NHS waiting scandal leads to private healthcare spend
- 4 June 2013
- From the section Scotland
NHS spending on private healthcare has risen dramatically since waiting time scandals came to light, BBC Scotland can reveal.
Spending across Scotland rose by nearly 60% last year to more than £40m, compared with £25m per year in the two previous years.
Most of the rise has been driven by two health boards - Lothian and Grampian.
The Scottish government said it was working with boards to build local capacity for exceptional circumstances.
NHS Lothian had predicted it would spend £10m clearing a backlog of patients waiting for treatment. It actually spent £12.5m last year sending patients for treatment privately.
Spending on private healthcare has nearly tripled in Grampian in the last financial year, which ended in April, despite the health board assuring the public that it had no problems with waiting lists.
Under Freedom of Information legislation, all health boards were asked how much they had spent on private healthcare, excluding care homes and hospices, since 2009.
NHS Lothian admitted it would have to spend £10m clearing a backlog of patients after it emerged it had been manipulating its waiting time figures in order to meet Scottish government targets.
NHS Grampian consistently denied any wrongdoing but its spending on private healthcare increased as closer scrutiny was given to the way health boards were meeting government targets.
Last year its spending nearly tripled to £6.3m. NHS Grampian has the highest number of patients marked down as "unavailable" for treatment out of all 14 Scottish health boards.
Health boards are allowed to stop the waiting time "clock" if patients say they are unavailable, but the number of unavailable patients in Grampian is seven times higher than the average for mainland health boards.
An investigation by Audit Scotland in February found that on two occasions, hundreds of patients were marked as "unavailable" within an hour, and hundreds of others had four or more periods of "unavailability" during their wait for treatment.
In a statement, NHS Grampian said the increase in spending on private healthcare last year was "to meet the specialist needs of patients, for example for complex services that are not available in Grampian e.g. specialist mental health services - and to ensure that patients are seen within the treatment time guarantee targets introduced in 2012/2013".
It added: "We understand that waiting times are important to patients and that most patients prefer to be treated as close to home as possible.
"The NHS Grampian Board recently agreed a £16m investment programme that will increase capacity by building new theatres and employing more doctors, nurses and support staff. The additional local capacity will be available in 2014."
NHS Grampian initially refused to provide the BBC with the amount it had spent on private healthcare in 2012/13 but eventually released the figure after BBC Scotland appealed.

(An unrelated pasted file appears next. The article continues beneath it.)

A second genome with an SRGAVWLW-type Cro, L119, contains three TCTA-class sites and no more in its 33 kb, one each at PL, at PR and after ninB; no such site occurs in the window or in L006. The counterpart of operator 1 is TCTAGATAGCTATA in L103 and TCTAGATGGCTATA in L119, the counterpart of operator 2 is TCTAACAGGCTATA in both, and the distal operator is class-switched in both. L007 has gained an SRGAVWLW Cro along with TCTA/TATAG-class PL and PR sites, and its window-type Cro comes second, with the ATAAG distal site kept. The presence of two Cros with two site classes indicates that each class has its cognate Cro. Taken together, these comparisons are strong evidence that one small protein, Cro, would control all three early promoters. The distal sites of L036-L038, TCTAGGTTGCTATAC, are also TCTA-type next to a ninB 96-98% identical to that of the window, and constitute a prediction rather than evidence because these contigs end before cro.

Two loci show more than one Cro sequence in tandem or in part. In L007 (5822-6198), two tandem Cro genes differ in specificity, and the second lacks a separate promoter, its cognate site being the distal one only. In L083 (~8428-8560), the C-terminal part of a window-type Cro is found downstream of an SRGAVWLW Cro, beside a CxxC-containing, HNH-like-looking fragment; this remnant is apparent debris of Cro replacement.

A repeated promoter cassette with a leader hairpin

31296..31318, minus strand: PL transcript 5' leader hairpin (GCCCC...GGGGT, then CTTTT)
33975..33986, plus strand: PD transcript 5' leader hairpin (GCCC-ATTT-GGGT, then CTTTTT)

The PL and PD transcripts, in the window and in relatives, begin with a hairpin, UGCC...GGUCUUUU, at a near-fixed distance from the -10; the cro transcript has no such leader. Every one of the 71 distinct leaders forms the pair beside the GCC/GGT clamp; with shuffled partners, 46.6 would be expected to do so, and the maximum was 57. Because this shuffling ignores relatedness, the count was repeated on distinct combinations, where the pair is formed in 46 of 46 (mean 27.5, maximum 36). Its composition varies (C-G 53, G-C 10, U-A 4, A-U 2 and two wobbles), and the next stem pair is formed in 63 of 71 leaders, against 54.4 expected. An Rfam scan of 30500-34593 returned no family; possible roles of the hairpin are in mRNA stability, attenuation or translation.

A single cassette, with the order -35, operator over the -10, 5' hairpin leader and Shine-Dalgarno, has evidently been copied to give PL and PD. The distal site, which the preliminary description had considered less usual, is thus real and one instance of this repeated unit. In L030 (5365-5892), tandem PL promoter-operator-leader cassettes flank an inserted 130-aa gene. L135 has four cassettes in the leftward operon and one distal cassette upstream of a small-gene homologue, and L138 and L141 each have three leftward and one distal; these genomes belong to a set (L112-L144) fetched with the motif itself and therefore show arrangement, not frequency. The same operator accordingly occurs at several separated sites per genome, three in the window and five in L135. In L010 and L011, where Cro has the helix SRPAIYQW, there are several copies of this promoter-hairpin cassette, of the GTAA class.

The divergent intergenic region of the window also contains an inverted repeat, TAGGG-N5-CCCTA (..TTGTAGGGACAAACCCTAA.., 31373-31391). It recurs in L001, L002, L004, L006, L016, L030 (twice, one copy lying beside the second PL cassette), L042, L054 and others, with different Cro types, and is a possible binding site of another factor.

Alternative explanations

NHS Lothian director of finance Susan Goldsmith said: "We have been clear about our commitment to reduce the number of patients on our waiting lists as quickly as possible.
"As a result of the increased demand this has put on our services, we have invested significantly in providing capacity within the independent sector.
"Our initial estimates on how much this would cost were revised once we had a full understanding of the mix of cases and specialities that could be accommodated within the private sector."
When the SNP came to power in 2007 it declared an intention to clamp down on spending on the private sector.
However, most health boards have continued to buy some services from the private sector.
Speaking on BBC Radio Scotland's Good Morning Scotland programme, Health Secretary Alex Neil said: "Let's get this in perspective, we are talking about half a percent of the entire NHS budget in Scotland."
He insisted that the "short term" use of the independent sector was a "temporary phenomenon".
Mr Neil added: "The answer is we invest in more capacity and we are doing that, particularly in Grampian and Lothian. For example we are currently spending an additional £16m. There are capacity issues in Grampian around orthopaedic and ophthalmic services - we are now investing substantially in additional capacity.
"I have made it absolutely clear to the chairs and chief executive of the 14 territorial health boards in Scotland that the use of the independent sector should only be a last resort because we have huge capacity in Scotland.
Asked if spending on the independent sector was going to increase, Mr Neil added: "I believe we are going to keep it to an absolute minimum."
Private care spend includes specialist care such as fertility treatment and rehab for drug and alcohol addiction.
The amount varies from about £200,000 a year for the smallest health boards including NHS Shetland and NHS Western Isles, to about £3m a year for mainland health boards including Lanarkshire and Fife.
Scotland's biggest health board, NHS Greater Glasgow, spends the least.
It said it spent nothing at all on private healthcare in 2010/11 and only £900,000 last year, due to an in-house initiative to speed up treatment times.
Under Scottish government guarantees most people should be treated within 18 weeks of referral.
There is also a new legal right to be treated within 12 weeks once treatment has been agreed.
For more detailed guidance on how the Scottish government's waiting time guarantees apply, see my guide.